LOS ANGELES - Staging perhaps the greatest comeback in their storied history, the Celtics recovered from a 24-point deficit on the road last night to beat the Lakers, 97-91, and take a commanding 3-1 series lead in the 62d NBA Finals.
There are New England sports fans who've been born, registered for the draft, and legally bought a beer at the Eire Pub since the last time the Celtics won an NBA title. They grew up hearing tall tales of the flags of their fathers . . . now they have a chance to see the fabled franchise win a banner for their generation.
On Father's Day.
The Celtics and Lakers play Game 5 Sunday night here in the land of air kisses and frozen smiles.
Winning 16 championships from 1957-86, the Celtics had a lot of great moments, but last night's comeback at Staples Center ranks with the best. It's right up there with Bill Russell's final game in 1969 at the Los Angeles Forum. The Lakers had not lost at home since March 28 and were 9-0 at Staples in the playoffs. The Celtics' comeback was the largest in postseason history after being down in the first quarter. The Lakers had a 21-point first-quarter lead.
"I'm happy with the win," said captain Paul Pierce. "I don't want to get overjoyed. I want to go out there and try to win Game 5 on Father's Day and then I'll be able to breathe. Right now, I'm waiting to exhale."
Celtics coach Doc Rivers cited his players' mental toughness and said, "They just hung in there together."
The vaunted troika of Pierce, Ray Allen, and Kevin Garnett grabbed all the headlines in this stellar season, but it was unheralded James Posey and Eddie House who made the difference down the stretch. Posey (18 points) drained a couple of stake-driving 3-pointers and House (11 points in 25 minutes) ran the offense in place of Rajon Rondo, who has a bone bruise on his left ankle.
The game was clinched when Allen pounded the ball out top, blew past Sasha Vujacic, and converted a lefthanded layup to make it 96-91 with 16.4 seconds left. Allen played the entire 48 minutes. Shades of Russell.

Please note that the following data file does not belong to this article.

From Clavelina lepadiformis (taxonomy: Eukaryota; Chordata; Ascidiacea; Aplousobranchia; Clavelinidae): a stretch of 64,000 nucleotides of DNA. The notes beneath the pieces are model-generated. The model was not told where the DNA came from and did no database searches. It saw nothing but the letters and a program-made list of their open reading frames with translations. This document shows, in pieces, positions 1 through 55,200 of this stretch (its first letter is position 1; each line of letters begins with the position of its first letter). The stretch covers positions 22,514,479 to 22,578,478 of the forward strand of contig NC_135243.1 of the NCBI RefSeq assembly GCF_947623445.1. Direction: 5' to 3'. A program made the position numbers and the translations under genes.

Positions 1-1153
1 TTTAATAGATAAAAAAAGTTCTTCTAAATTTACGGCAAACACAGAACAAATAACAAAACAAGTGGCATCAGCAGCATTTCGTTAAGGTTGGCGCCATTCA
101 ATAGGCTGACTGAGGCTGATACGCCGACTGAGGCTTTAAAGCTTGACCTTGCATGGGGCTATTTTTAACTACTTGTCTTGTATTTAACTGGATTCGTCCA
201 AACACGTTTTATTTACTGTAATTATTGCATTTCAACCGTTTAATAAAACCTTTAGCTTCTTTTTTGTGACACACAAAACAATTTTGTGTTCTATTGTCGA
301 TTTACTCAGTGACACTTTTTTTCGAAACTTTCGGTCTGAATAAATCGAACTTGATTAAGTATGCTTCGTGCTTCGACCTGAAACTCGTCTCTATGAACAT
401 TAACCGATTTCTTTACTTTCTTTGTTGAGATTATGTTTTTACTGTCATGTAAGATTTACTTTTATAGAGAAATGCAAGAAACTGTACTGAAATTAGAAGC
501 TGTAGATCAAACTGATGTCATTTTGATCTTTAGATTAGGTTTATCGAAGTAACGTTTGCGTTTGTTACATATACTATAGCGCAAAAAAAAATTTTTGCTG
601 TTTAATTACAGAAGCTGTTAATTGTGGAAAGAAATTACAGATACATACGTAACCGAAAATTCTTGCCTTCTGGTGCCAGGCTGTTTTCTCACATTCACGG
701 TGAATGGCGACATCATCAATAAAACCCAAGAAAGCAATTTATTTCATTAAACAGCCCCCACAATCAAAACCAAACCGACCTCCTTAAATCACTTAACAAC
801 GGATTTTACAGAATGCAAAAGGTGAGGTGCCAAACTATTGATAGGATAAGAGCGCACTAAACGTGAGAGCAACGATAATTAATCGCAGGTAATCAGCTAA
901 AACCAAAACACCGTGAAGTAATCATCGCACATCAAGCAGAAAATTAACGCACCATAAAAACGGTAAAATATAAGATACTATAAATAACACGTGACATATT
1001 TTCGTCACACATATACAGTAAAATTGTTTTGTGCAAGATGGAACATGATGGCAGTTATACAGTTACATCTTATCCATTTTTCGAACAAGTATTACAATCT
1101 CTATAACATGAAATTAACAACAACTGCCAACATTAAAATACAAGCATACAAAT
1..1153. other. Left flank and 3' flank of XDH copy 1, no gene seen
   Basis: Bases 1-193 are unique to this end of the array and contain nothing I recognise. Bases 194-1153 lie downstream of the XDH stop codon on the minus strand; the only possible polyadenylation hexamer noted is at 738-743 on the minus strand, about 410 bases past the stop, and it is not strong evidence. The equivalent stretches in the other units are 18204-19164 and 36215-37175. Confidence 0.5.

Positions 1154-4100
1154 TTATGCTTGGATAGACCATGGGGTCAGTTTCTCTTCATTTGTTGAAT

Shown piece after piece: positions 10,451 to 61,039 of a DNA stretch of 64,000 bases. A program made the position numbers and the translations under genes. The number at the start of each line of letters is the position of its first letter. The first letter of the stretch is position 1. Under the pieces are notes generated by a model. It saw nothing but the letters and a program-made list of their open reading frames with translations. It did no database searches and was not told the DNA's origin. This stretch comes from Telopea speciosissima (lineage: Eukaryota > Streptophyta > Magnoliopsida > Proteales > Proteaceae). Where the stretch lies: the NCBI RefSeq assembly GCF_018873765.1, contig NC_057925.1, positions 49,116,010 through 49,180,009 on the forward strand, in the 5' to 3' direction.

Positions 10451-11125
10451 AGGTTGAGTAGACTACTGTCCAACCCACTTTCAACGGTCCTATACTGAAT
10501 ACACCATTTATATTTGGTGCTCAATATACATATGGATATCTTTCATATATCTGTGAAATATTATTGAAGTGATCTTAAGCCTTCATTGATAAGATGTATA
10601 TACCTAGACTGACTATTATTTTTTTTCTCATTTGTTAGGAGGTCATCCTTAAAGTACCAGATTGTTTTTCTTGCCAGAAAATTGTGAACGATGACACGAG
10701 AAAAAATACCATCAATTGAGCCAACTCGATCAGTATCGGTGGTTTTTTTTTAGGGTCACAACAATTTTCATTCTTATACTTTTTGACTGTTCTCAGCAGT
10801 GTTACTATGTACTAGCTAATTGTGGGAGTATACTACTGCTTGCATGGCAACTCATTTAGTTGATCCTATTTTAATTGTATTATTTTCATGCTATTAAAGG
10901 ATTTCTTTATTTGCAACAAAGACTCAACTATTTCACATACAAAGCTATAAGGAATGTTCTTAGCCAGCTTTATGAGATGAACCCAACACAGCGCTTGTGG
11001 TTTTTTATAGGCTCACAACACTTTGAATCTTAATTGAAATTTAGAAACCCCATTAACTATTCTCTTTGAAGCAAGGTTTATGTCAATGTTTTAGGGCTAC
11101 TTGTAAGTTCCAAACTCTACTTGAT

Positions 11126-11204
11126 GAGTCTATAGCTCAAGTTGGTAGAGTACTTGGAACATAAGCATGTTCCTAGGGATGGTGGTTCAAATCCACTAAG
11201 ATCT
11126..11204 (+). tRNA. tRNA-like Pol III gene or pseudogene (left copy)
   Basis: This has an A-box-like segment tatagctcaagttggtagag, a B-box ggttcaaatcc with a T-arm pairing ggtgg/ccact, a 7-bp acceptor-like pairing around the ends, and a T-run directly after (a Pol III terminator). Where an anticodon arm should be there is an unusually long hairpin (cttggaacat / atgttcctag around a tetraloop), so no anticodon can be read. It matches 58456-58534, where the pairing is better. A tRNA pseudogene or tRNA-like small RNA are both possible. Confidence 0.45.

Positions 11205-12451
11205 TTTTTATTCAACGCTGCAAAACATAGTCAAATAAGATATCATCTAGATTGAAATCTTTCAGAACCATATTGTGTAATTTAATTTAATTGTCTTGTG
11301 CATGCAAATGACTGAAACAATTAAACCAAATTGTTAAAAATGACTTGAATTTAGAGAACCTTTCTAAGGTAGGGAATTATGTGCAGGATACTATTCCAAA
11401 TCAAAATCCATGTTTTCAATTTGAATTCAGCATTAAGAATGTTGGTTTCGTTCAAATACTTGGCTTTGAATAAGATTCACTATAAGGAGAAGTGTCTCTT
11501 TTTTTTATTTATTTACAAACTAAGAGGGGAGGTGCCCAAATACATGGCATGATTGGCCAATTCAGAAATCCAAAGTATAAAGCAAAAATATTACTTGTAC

"I got over halfcourt and saw the shot clock winding down," said Allen. "Kevin came up and set a screen and I told him, 'Let me take him.' I looked up and [Vujacic] was behind me and I had the whole basket free and clear. It worked out."
"It [Allen's last basket] was huge," said Rivers. "It was a great call by Ray. And then him getting to the basket was huge. The layup was just tremendous."
The first 12 minutes represented a staggering demonstration of Celtic ineptitude at both ends of the floor. The Celtics shot 27 percent, getting 2 points from Pierce and a Bavarian cream doughnut (0) from Garnett. Meanwhile, the Green allowed the Lakers to make 11 of 17 from the floor. LA outrebounded Boston, 14-6.
The Celtics fell behind, 45-21, at the start of the second quarter before mounting a small comeback, cutting the lead to 13. The frightful half ended in appropriate fashion with Jordan Farmar crossing midcourt and rattling home a buzzer-beating 3-pointer to make it 58-40 at intermission. Kobe Bryant (17 points) still had only 3 points, all free throws.
"I just thought they were making plays and we were not at that point," said Rivers. "I told 'em we were getting great shots, but we would not win the game unless we defended and we made plays."
The Lakers inflated their lead to 20 again in the third before the Celtics went small and staged their furious rally. Lakers coach Phil Jackson hates timeouts - he thinks they are white flags of desperation - but he was forced to call a lot of them in the second half.
P.J. Brown's flush put the exclamation mark on Boston's 21-3 quarter-closing run, which cut the lead to 2. The Lakers scored only 15 points in the third quarter.
Leon Powe scored first in the fourth to give the game its first tie since 2-2. With 4:07 left, House hit a jumper with a hand in his face to give the Celtics their first lead (84-83). Then came a spectacular drive and bucket by Allen. It would not be his only highlight drive of the quarter.
"We've grown as a team and we're still learning," said Allen.
"This is not over," said Jackson. "The series is not over."
The Celtics have three chances to end it now. Boston has not lost three straight since February.
Dan Shaughnessy is a Globe columnist. He can be reached at firstname.lastname@example.org.